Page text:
This is National Pollinator Week, a time to celebrate the animals that quietly and consistently contribute to our ecosystem. Without them, we would have far fewer of our favorite foods to enjoy, such as vegetables, fruits, nuts, coffee and even chocolate.
As pollinators visit flowers to drink nectar, pollen grains stick to their bodies and feet and are transferred to other flowers. When the flowers belong to the same species, the egg cells of the second flower are fertilized, and the flower can now make seeds and reproduce! That’s incredibly important, because nine out of 10 flowering plants on earth rely on pollinators to help them reproduce, and almost a third of all human food relies on the work of these tireless animals.
- Bees and butterflies typically take the spotlight as top pollinators. They are critically important pollinators as they travel from flower to flower, but they are not the only insect pollinators. Beetles and flies are important pollinators in some habitats.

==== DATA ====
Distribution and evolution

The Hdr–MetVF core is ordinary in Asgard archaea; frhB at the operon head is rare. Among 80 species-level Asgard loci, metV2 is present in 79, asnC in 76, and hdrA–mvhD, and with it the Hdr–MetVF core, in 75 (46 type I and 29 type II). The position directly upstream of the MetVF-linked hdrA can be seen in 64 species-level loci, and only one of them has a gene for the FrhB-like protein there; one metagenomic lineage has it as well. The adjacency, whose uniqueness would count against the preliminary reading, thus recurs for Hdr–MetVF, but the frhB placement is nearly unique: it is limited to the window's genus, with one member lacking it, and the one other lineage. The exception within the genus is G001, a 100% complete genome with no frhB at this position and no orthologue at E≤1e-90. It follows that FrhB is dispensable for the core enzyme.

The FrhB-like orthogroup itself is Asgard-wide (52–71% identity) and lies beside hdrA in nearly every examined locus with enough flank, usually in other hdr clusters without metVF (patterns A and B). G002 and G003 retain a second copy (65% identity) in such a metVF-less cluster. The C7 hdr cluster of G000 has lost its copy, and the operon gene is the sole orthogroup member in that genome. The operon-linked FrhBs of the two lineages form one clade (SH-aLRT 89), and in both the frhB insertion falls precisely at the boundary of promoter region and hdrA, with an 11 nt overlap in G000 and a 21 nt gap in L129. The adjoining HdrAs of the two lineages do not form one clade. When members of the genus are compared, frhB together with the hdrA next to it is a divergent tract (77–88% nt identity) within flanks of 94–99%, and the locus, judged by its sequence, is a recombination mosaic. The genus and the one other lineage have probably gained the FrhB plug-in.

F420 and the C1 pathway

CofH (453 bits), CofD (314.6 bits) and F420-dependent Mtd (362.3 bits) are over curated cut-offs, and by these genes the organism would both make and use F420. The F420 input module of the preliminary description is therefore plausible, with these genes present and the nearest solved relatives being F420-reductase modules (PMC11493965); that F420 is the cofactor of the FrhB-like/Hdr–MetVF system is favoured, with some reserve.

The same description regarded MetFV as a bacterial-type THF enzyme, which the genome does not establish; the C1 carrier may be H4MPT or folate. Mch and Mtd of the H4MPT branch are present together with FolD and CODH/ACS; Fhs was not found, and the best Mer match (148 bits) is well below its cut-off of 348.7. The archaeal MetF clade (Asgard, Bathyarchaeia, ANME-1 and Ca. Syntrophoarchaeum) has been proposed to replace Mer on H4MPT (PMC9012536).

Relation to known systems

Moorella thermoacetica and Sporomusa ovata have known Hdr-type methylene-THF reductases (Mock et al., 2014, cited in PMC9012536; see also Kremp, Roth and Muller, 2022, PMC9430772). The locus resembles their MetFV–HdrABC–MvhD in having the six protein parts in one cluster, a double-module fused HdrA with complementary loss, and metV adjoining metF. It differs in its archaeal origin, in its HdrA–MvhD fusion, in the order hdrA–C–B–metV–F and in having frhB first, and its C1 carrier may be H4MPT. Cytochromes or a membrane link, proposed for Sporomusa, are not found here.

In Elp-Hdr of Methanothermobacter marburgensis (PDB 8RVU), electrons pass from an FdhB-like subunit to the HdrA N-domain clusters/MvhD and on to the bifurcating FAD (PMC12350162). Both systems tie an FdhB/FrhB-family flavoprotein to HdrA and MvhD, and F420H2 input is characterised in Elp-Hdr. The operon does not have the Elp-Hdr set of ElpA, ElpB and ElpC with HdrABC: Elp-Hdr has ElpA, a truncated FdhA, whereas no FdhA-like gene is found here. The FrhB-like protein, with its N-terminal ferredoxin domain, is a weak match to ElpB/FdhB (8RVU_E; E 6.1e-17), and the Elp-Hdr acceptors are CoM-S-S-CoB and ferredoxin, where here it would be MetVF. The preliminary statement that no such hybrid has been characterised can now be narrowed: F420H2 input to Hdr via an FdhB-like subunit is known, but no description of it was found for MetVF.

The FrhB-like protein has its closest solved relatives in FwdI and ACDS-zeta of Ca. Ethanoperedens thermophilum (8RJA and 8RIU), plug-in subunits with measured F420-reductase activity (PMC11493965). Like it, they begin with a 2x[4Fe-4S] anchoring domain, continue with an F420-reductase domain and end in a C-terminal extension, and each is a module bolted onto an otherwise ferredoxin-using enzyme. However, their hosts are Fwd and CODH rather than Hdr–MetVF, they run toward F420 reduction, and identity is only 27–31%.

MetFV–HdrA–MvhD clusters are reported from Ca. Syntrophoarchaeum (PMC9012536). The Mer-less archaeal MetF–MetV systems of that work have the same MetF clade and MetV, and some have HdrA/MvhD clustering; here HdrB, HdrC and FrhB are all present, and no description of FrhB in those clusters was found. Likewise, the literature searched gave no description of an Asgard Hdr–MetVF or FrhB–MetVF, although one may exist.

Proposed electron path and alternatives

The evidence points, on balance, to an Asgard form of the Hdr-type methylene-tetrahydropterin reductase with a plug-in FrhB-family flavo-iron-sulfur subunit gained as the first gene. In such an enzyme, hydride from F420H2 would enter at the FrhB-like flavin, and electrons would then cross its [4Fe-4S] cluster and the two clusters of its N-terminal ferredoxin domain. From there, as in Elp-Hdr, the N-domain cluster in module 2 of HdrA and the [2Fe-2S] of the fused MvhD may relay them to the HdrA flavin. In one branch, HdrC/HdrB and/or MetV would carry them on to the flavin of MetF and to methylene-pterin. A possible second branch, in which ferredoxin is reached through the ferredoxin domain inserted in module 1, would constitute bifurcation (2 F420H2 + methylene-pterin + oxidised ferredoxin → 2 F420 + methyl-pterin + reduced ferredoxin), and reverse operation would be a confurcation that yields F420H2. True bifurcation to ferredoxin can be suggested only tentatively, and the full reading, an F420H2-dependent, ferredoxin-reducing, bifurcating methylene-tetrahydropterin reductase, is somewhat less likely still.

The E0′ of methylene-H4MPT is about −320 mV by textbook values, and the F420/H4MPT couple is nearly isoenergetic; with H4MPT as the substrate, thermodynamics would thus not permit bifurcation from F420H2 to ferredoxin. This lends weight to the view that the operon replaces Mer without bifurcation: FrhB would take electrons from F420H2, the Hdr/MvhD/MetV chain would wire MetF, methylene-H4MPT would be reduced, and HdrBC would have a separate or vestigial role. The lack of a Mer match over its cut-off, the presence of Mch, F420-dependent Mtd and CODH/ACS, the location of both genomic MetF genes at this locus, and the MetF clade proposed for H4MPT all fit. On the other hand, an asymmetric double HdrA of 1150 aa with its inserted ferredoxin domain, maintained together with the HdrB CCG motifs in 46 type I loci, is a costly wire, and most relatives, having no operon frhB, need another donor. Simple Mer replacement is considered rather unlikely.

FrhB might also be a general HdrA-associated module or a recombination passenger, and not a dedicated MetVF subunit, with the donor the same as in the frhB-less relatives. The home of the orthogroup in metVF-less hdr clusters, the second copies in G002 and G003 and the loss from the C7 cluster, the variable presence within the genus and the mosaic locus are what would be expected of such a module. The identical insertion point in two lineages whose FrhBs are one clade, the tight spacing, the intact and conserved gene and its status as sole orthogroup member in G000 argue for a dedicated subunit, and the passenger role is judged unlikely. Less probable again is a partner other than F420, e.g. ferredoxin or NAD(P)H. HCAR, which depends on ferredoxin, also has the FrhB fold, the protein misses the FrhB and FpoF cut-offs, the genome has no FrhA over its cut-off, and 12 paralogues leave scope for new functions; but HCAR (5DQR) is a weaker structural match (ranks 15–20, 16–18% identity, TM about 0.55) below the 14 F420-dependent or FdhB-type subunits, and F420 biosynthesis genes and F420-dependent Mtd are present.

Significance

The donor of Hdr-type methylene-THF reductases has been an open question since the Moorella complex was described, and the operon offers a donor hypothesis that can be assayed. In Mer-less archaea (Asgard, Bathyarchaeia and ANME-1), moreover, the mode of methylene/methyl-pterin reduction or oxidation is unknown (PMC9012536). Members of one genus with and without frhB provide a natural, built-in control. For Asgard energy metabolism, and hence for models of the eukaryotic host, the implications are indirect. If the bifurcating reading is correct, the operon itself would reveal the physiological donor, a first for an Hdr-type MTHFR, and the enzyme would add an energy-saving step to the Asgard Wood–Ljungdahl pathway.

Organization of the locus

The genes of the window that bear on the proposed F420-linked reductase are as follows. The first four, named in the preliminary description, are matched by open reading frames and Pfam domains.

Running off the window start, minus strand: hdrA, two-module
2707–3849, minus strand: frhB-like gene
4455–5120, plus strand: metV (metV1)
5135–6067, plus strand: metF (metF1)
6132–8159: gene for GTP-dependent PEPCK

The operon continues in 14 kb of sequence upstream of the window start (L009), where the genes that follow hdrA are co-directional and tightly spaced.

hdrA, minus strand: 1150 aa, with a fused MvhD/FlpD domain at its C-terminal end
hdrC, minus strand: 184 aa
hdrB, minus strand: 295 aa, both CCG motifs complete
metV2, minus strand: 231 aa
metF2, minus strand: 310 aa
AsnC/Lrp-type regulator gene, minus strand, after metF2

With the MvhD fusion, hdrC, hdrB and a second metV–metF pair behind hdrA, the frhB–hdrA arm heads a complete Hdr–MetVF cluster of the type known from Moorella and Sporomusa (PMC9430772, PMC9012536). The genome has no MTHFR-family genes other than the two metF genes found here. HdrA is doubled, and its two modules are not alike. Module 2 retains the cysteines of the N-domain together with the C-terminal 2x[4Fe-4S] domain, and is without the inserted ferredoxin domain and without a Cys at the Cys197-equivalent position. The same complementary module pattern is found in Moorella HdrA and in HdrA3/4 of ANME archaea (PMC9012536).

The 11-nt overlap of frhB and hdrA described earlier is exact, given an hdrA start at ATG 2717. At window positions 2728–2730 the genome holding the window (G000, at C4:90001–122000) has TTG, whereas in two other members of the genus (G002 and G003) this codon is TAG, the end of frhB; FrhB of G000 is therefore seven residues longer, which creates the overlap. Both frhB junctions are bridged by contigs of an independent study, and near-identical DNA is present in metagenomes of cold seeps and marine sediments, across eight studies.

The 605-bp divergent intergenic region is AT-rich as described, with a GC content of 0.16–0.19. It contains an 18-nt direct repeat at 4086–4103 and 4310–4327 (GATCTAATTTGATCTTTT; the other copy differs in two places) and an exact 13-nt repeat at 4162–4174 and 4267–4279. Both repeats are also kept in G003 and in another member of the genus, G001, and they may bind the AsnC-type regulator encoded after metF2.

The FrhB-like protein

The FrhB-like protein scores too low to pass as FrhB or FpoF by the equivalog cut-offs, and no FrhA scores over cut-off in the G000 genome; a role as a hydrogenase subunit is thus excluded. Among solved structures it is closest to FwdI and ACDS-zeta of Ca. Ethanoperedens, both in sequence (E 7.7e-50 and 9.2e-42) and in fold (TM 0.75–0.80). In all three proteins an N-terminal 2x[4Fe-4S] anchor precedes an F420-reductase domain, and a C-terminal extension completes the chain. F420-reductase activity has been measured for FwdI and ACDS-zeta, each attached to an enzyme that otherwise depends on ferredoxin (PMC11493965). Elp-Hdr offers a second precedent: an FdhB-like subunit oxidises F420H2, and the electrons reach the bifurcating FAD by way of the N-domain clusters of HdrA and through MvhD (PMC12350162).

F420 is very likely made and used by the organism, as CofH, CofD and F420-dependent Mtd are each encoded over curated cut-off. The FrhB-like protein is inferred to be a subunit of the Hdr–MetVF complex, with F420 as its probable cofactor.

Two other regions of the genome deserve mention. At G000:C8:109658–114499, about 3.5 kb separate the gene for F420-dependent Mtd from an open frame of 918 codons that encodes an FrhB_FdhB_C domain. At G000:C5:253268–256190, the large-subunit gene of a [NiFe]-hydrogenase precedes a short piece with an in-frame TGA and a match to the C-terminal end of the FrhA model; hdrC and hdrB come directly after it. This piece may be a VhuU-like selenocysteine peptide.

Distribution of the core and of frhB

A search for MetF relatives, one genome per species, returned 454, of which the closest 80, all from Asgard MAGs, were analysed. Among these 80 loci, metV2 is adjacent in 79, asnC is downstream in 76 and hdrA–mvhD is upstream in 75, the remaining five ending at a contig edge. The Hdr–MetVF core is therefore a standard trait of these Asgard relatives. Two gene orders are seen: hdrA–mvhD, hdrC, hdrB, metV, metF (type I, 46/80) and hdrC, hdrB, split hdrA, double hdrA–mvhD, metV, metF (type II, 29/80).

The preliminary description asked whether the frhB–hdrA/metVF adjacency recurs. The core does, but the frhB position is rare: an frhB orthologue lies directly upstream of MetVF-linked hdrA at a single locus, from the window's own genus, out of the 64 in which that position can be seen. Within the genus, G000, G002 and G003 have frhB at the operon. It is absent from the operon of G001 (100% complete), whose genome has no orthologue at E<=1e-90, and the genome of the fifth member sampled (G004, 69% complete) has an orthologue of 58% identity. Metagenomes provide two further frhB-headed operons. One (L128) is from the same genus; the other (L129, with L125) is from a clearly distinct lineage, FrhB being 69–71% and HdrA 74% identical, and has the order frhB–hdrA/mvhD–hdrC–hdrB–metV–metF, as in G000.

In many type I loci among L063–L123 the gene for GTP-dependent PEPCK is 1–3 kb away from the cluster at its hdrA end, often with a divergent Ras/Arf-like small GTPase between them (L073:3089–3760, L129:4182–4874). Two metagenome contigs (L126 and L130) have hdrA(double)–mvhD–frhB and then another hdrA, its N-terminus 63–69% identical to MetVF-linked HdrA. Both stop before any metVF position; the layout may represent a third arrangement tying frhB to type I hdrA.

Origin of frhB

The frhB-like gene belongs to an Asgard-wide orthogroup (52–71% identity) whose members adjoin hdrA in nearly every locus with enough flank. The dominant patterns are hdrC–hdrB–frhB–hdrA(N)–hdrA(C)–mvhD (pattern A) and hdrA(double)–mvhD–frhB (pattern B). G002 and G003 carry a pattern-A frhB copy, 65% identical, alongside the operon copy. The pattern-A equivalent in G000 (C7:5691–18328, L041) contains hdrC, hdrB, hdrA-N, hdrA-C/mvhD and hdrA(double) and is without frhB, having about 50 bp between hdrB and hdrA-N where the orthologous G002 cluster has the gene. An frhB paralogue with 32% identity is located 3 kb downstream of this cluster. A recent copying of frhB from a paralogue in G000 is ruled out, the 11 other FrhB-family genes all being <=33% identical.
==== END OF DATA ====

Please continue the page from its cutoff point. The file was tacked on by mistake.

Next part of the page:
- Hummingbirds are common pollinators in North and South America. These and other birds, such as lorikeets in the parrot family, have adaptations that help them feed from flowers. For example, the long beaks of some hummingbirds allow them to drink nectar from long, tubular flowers. While visiting these flowers, pollen is transferred to their heads, and then spread to other flowers.
- Fruit bats, such as the Malayan flying foxes you can see at Disney’s Animal Kingdom, are one of the few pollinators of canopy trees in their ecosystems. These tall flowering trees would suffer devastating decreases in reproduction if bats didn’t help spread pollen as they search for nectar.
- Cotton-top tamarins may also be important pollinators. In Colombia, as they enjoy the nectar of the orange flame vine, tamarins may help spread the red pollen to other flowers.
Many of our Guests saw pollinators in an up-close and personal way when they visited the recent Epcot International Flower and Garden Festival. Guests who stopped by the Pollinator Paradise Garden helped us collect data as citizen scientists by making observations about plant-pollinator interactions. Participants observed nearly 1,500 butterflies and just as many other visitors, including honey bees, bumble bees, lady bugs, hummingbirds and more.